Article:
Thursday, June 5, 2014

ITUC Global Rights Index shows workers’ rights under threat despite public support for strong labour laws

1,951 trade unionists faced violence and 629 were unlawfully detained for collective action in 2013

Corporations, using their power over governments, are attempting a co-ordinated global attack on workers’ rights, including the right to strike, according to new analysis from the International Trade Union Confederation (ITUC) presented at the 103rd International Labour Conference in Geneva today.

The ITUC Global Rights Index found that while the right to strike is recognised in most countries, laws and practices in at least 87 countries exclude certain types of workers from the right to strike.
Sharan Burrow, General Secretary of the ITUC, said governments are acting in favour of big business – not their people who overwhelmingly support labour rights. The ITUC Global Poll 2014 measuring the opinion of the general public in fourteen countries found 75 percent of people supported the right to strike.
"Despite strong public support for the right to strike, 37 countries in the last 12 months imposed fines or even imprisonment for legitimate and peaceful strikes.
"Governments and employers can no longer hide their attacks on workers’ rights after a ranking of 139 countries against 97 indicators in the ITUC Global Rights Index exposes the best and worst of labour conditions around the world," said Sharan Burrow.
The new ITUC Global Rights Index will be presented to government, employers and workers groups at the ILO today. The index is drawn from the ITUC’s real-time survey database of violations which also shows rising levels of violence faced by workers and their unions.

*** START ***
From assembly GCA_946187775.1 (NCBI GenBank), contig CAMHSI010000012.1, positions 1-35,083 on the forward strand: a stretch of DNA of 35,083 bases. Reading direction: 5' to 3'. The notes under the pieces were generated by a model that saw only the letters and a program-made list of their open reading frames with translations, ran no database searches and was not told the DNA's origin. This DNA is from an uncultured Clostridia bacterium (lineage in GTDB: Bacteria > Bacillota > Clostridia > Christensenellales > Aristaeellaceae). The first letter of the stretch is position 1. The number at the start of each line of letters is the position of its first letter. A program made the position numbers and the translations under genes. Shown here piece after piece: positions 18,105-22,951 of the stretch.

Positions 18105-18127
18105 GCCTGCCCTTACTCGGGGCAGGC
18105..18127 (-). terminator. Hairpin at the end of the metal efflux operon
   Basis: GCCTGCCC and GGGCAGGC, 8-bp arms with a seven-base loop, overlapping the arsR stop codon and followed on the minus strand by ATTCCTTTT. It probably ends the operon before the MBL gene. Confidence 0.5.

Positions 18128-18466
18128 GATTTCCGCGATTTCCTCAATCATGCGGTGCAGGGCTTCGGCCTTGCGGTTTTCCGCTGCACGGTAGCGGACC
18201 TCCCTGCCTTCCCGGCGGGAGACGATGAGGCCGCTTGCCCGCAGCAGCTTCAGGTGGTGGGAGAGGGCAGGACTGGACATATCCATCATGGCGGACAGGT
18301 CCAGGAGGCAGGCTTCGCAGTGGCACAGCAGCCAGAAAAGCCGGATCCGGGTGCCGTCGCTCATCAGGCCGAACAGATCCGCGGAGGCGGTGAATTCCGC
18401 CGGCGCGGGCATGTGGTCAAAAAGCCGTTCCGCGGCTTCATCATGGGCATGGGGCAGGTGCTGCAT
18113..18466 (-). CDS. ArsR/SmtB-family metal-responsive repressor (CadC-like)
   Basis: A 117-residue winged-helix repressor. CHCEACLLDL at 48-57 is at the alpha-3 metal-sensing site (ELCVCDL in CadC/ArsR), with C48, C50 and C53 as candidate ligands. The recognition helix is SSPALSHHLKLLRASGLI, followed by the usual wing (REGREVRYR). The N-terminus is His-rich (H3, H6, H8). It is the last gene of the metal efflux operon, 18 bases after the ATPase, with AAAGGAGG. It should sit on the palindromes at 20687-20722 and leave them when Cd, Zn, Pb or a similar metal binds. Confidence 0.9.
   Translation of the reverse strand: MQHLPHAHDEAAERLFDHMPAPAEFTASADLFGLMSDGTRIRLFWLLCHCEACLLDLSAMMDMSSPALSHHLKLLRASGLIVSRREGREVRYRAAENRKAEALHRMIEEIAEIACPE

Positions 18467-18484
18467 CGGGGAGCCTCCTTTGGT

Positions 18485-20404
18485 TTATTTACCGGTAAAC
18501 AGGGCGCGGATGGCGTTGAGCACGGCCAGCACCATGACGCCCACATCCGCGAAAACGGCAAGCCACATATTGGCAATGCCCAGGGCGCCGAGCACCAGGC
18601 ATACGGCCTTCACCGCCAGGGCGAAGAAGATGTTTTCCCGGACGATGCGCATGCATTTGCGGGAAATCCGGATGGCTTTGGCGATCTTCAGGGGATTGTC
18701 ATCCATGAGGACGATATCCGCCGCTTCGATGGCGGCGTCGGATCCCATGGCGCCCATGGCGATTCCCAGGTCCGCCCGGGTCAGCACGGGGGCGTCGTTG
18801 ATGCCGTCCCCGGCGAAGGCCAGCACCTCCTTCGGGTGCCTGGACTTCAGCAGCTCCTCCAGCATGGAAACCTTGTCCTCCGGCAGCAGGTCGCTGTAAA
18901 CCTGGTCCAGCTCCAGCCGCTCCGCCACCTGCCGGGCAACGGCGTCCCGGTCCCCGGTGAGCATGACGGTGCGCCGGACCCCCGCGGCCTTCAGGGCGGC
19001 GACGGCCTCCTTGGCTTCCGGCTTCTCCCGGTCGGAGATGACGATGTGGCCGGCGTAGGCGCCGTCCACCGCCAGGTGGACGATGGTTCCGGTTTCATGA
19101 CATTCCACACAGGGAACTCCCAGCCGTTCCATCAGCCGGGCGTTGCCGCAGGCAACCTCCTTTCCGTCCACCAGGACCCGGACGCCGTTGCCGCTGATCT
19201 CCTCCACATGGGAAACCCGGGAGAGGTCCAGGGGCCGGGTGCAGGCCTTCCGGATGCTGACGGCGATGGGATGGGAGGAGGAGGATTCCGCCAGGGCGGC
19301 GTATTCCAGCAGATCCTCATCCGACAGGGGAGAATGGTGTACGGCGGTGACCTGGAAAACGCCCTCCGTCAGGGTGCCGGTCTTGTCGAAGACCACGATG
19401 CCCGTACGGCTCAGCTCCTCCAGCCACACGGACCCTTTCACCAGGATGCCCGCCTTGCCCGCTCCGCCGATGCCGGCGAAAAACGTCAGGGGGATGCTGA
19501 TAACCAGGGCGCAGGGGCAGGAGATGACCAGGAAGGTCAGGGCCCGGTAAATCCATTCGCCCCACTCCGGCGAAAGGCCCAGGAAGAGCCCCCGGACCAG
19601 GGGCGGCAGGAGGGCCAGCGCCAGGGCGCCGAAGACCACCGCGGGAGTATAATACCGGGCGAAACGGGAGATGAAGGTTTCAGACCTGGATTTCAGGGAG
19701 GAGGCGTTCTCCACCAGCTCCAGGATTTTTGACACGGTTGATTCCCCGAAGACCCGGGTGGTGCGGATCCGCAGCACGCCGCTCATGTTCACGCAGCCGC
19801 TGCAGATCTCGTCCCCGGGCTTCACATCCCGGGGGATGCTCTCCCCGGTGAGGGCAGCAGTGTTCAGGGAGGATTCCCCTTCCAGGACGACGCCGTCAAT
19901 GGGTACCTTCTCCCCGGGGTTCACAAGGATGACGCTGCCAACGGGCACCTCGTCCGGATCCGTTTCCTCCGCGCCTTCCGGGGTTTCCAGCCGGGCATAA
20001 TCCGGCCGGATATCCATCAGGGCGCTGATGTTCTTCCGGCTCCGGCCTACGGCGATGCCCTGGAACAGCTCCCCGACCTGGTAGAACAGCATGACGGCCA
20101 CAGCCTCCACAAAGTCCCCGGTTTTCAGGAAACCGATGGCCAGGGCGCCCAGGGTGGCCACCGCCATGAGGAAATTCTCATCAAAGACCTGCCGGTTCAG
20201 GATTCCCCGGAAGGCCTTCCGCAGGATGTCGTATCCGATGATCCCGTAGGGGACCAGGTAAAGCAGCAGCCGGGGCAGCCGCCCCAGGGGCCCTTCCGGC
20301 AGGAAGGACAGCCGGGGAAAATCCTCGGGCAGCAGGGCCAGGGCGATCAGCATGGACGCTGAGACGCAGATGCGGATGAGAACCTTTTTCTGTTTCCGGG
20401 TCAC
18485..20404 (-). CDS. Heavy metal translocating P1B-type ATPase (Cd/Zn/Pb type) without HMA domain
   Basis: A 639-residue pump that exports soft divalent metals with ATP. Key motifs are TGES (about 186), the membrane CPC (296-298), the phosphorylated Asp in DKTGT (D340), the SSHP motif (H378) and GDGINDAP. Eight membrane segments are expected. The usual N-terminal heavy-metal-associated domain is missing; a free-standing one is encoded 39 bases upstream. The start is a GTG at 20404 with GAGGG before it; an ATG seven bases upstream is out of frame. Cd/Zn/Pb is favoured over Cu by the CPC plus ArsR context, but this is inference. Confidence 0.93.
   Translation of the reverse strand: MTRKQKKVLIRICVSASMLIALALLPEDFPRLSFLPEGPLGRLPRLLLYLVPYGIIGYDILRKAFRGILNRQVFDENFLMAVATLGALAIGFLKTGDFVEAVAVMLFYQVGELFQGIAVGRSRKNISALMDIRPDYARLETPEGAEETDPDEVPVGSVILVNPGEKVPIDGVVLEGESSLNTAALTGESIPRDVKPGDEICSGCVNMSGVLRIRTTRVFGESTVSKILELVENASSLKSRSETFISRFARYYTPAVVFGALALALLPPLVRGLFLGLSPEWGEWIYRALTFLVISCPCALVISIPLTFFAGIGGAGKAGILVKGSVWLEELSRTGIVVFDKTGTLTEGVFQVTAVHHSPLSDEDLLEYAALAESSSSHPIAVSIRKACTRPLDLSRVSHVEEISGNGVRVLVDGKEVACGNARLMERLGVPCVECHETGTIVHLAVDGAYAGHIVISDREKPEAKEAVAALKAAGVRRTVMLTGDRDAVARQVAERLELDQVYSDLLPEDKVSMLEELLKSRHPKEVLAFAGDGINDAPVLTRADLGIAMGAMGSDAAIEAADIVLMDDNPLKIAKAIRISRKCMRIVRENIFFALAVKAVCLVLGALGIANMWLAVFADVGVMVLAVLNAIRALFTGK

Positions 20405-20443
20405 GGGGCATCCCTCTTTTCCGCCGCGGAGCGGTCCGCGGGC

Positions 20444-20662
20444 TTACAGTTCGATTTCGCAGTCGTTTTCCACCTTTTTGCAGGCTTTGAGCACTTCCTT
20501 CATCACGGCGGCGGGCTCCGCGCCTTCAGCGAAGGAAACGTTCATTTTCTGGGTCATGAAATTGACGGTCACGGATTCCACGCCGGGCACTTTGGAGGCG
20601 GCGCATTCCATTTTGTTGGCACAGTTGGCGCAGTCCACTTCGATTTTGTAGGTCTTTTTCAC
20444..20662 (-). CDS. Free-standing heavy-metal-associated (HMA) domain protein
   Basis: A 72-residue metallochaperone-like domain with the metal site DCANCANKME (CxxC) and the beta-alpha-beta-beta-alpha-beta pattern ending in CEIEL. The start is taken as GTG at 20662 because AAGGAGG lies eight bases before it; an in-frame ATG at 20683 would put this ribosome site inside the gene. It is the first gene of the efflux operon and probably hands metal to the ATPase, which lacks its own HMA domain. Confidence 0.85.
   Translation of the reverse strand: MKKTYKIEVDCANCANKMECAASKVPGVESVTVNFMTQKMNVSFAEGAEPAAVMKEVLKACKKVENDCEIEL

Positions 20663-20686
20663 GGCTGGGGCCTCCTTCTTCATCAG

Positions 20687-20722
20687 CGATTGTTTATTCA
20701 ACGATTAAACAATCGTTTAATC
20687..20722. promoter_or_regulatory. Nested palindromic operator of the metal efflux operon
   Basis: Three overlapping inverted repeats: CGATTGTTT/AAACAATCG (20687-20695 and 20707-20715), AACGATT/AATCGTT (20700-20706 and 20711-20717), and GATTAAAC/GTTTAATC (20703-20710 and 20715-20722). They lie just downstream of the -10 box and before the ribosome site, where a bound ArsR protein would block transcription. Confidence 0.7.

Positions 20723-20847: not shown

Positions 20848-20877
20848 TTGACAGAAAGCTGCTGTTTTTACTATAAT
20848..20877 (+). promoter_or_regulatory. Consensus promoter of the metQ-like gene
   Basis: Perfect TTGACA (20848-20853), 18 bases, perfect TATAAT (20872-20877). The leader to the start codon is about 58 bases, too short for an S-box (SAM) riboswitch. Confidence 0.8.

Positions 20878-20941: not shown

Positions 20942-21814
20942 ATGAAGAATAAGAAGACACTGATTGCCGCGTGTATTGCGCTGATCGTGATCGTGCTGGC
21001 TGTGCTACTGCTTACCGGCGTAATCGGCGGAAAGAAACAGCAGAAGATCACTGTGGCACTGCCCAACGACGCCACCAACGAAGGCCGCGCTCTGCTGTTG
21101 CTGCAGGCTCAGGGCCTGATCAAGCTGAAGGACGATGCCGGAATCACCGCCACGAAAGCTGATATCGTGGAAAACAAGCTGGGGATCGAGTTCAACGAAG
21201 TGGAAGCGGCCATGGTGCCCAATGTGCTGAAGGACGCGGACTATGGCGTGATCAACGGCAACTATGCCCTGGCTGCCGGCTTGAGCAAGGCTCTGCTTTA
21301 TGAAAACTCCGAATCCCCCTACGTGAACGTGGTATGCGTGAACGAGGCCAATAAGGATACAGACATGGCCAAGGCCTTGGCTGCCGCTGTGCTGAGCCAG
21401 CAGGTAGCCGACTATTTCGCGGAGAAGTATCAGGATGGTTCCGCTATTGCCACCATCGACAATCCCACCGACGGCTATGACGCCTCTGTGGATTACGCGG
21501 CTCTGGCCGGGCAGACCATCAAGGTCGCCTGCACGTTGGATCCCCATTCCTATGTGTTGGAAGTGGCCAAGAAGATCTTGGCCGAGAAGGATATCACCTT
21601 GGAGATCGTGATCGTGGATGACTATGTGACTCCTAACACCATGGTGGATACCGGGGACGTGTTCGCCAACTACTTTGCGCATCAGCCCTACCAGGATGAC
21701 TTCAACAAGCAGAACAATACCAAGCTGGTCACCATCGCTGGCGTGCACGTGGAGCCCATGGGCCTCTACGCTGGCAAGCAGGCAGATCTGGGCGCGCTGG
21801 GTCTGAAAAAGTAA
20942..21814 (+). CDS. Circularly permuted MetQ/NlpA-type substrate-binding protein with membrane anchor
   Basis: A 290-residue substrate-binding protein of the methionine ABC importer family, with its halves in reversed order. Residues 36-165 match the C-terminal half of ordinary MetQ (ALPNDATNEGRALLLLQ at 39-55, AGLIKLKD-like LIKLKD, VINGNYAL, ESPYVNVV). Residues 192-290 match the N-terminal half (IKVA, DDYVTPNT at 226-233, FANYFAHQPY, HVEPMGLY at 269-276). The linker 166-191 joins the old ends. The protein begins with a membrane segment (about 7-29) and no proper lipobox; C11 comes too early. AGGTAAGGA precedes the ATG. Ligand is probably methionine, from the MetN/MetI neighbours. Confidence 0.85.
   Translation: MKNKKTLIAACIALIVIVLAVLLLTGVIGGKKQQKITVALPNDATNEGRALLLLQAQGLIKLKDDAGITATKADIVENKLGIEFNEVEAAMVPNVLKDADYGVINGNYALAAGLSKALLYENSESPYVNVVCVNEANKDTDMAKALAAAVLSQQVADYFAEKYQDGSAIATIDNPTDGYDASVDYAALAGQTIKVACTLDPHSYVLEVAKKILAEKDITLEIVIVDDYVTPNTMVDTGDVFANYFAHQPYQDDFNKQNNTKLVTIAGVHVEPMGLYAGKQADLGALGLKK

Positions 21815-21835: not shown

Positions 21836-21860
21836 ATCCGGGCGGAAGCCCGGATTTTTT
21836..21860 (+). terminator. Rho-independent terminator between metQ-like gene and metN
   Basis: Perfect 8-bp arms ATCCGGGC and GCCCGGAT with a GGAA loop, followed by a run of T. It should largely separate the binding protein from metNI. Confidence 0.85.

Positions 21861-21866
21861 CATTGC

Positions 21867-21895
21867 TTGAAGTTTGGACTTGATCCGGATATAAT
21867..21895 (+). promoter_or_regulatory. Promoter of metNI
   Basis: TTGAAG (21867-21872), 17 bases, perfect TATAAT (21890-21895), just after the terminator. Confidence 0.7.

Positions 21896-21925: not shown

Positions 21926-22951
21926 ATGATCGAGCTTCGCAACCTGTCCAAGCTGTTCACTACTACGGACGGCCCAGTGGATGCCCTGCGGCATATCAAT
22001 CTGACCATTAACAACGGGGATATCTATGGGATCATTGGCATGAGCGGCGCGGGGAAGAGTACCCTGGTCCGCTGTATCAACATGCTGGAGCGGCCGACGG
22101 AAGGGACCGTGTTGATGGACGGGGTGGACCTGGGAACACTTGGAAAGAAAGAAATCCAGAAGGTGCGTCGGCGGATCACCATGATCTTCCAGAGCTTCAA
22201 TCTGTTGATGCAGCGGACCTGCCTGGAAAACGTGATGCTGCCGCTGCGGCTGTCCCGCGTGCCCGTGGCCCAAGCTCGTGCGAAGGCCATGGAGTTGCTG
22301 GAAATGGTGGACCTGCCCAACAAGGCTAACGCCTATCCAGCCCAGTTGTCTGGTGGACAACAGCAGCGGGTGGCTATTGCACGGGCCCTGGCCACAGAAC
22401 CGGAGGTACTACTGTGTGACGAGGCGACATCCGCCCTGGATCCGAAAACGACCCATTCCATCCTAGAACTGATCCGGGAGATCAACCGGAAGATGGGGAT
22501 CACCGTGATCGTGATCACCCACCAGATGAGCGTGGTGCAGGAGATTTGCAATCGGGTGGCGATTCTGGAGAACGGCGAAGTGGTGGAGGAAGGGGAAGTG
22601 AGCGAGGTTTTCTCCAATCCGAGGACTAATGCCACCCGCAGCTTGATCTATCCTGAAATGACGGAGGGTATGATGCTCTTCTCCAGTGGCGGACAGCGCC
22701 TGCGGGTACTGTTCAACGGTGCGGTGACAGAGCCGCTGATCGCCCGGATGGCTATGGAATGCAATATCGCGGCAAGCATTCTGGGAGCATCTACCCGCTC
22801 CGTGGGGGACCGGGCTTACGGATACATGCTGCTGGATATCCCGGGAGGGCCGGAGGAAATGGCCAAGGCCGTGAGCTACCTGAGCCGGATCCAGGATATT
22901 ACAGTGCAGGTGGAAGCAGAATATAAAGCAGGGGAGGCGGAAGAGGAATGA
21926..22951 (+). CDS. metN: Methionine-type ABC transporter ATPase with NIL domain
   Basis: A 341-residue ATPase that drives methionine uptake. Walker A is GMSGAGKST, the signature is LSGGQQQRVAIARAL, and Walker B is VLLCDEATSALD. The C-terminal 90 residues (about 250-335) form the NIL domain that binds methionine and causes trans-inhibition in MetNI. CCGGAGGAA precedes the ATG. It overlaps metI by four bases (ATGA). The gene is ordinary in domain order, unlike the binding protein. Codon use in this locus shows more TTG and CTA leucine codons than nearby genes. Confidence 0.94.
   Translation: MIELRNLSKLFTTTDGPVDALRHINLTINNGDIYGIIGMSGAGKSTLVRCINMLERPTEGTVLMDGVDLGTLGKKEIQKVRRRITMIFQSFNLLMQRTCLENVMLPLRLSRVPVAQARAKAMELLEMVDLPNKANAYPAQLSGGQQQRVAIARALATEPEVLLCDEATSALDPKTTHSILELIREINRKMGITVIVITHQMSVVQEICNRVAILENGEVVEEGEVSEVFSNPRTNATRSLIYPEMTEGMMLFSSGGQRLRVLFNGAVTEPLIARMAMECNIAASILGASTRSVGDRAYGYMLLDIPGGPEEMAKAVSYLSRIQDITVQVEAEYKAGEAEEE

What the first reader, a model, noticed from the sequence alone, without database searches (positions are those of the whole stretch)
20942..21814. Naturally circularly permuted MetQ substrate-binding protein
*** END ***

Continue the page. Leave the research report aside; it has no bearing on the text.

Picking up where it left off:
• In 2013, 1,951 trade unionists faced violence and 629 were unlawfully detained for collective action.
  • Union leaders were murdered in ten countries including Cambodia, Bangladesh, the Philippines, Mexico, Honduras, Guatemala, Colombia, Mauritania, Egypt and Benin.
  • The highest number of murders in a single country took place in Colombia where 26 trade unionists were killed in 2013, an increase of eight worker deaths from the previous year.
"The weight of evidence of abuses of workers’ rights for case hearings and the ILO supervisory mechanism is growing.
"The legal analysis undertaken to rank countries includes ILO data and is an important analysis for governments to review their standing on workers’ rights in law and practice," said Sharan Burrow.
"Alongside trend data on public support for core labour rights, governments have been put on notice to tame corporate power and act in the interests of their citizens," said Sharan Burrow.
The ITUC Global Poll 2014 found
  • 77 percent of people support laws that protect workers’ health and safety.
  • 94 percent support laws that establish and protect a decent minimum wage.
  • 89 percent support laws that give workers the right to collective bargaining.
  • 88 percent support laws that give workers the right to join a union.
A report with regional analysis from Africa, the Americas, Asia Pacific, Europe and Central Asia, Middle East and North Africa and snapshots of 82 countries from the 139 country database will be presented to governments, employers and worker groups in Geneva.
Notes to Editor
The ITUC Global Rights Index presents carefully verified information from the last 12 months in an easy-to-use format so that every government and business can see how their laws and supply chains stack up.
The real-time base surveying violations in laws and practices of workers’ rights in 139 countries is available here
The ITUC Global Rights Index rates countries from one to five according to 97 indicators, with an overall score placing countries in one to five rankings.
1 – Irregular violations of rights: 18 countries including Denmark and Uruguay
2 – Repeated violations of rights: 26 countries including Japan and Switzerland
3 – Regular violations of rights: 33 countries including Chile and Ghana
4 – Systematic violations of rights: 30 countries including Kenya and the USA
5 – No guarantee of rights: 24 countries including Belarus, Bangladesh and Qatar
5+ - No guarantee of rights due to breakdown of the rule of law: 8 countries including Central African Republic and Somalia.

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